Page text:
Atlantic City casinos blackjackYou would think a recession that has driven Atlantic City profits down 13.2% in the last year would motivate the casinos to lower their betting minimums to attract more people and generate good will.

You would be as wrong as a blackjack novice hitting on 16 with the dealer showing 5. I recently took my family and in-laws to the seaside gambling mecca and got priced out of playing. I didn't see one table game under $10 a bet. At that rate, a bad patch can put the most disciplined gambler in a hole.

This was a weekday, with entire sections of casinos roped off, gathering dust for lack of patronage. I stifled my outrage and used the time to knock around with my children and swim. I could have been one of the casinos' lambs happily primed for the slaughter if they would adjust their thinking.



With a great natural resource, the beach, and the country's thickest population base, Atlantic City makes the perfect test case for luring tourists in tough times. Sure, it offers hotel deals. We purchased two rooms for one night at Bally's for a total of $182 through Travelocity. But when it comes to the actual gambling, the casinos won't budge.

"It's their decison," Dan Heneghan, a spokesman for the New Jersey Casino Control Commission, told WalletPop. "They have the flexibility to set those minimums and maximums where they want as long as they are complying with our regulations."

Perhaps the house is under the illusion that the hand-over-fist collection of consumer gambling losses in the '90s and '00s would simply continue through record unemployment in 2010. That's not happening.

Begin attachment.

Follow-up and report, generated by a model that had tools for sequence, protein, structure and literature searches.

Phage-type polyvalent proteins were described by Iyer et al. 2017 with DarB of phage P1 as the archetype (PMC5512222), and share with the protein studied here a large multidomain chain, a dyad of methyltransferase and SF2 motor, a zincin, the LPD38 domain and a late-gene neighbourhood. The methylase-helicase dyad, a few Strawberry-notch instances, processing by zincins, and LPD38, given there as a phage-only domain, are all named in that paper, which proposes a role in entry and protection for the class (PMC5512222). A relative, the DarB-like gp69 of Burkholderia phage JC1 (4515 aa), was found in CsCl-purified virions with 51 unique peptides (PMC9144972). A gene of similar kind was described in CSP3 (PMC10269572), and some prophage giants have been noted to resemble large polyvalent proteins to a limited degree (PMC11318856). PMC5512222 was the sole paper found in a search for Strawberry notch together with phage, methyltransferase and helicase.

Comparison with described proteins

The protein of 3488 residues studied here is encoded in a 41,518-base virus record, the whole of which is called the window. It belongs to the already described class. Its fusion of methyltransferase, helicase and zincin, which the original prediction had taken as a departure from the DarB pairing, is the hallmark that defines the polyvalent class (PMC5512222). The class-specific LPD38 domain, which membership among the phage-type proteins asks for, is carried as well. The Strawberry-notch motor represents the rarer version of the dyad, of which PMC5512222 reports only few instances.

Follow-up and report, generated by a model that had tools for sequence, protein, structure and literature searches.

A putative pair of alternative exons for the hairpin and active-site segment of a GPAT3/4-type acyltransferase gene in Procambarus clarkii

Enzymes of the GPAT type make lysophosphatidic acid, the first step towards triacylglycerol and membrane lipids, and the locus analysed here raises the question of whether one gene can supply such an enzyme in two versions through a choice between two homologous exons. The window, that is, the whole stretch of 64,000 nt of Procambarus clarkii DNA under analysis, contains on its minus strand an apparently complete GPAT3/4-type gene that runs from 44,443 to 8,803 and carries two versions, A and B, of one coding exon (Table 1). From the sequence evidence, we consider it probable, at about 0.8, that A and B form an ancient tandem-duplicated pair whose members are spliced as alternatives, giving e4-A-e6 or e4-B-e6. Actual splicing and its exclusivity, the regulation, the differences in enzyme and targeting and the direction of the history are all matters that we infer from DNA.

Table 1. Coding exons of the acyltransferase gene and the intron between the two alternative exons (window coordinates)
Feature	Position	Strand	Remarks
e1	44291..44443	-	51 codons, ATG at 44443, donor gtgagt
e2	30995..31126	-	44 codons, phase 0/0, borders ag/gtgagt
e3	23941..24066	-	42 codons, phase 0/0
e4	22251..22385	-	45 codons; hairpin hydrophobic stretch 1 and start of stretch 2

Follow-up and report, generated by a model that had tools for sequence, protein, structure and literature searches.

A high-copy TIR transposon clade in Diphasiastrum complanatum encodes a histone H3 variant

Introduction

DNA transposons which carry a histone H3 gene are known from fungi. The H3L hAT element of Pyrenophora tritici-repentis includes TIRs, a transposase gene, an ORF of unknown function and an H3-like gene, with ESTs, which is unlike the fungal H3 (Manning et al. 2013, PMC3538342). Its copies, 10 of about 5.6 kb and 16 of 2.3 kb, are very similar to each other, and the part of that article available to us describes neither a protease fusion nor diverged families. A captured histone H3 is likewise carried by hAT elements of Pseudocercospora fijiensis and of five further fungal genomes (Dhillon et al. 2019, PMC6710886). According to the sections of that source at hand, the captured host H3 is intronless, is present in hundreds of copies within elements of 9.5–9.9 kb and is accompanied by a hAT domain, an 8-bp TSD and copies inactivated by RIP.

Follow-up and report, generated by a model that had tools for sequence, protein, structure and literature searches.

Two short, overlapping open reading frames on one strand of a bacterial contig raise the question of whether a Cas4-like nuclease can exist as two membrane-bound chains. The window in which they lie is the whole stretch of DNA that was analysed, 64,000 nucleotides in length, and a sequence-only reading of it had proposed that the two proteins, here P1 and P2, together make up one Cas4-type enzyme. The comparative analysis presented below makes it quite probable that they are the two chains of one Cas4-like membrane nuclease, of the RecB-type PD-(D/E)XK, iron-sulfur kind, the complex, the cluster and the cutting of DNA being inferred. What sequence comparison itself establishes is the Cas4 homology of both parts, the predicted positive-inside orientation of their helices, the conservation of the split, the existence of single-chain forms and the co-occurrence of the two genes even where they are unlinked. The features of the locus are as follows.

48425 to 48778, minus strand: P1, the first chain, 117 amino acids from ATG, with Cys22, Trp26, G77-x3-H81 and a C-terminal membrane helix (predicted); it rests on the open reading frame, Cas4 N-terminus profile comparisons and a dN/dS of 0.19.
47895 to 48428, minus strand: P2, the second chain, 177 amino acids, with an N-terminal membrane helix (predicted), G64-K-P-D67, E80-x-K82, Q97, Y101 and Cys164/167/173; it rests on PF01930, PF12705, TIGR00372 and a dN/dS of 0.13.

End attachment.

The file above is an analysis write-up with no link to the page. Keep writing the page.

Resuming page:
So I put the question to various casinos: With Atlantic City and the nation reeling from the recession, have you considered lowering your bet minimums to attract more customers and build public relations? The answers are not encouraging.

Liza Costandino, a spokeswoman for the Borgata: "Thank you for your interest, but we are going to pass on commenting at this time."

Mary Moyer of Trump Entertainment Resorts: "We do not have any plans to go to a $2 blackjack table. But the bottom line is we do have tables in the lower minimums, $10 and $15, and we place them on all three properties during the week and on the weekends."

Alice Parker of Harrah's, which owns four of the 11 Atlantic City gaming properties: "It's been a long time since table games were lower than $5 or $10." Parker suggested I check out other jurisdictions' minimums. Well, Las Vegas and New Orleans still have $5 tables, according to my casual survey.

I also wanted a local politician's take. State Sen. Jim Whelan, whose District 2 includes Atlantic City, did not return a message left by WalletPop.

Part of Atlantic City's stubborness arises from inflated paranoia over card-counters, who track blackjack decks to their betting advantage. But to this gambler left out in the cold, it boils down to a bigger problem. A concierge, not to be identified for obvious reasons, summed it up for me: "Greed."

Just when I was about to give up, I found a ray of hope. I read that Resorts was offering $2 blackjack as a retro-style promotion with one catch: the casino applies a 25 cent surcharge on every wager. I don't care if you're in Jersey, Monte Carlo or on a Mississippi riverboat: That's a sucker's bet.

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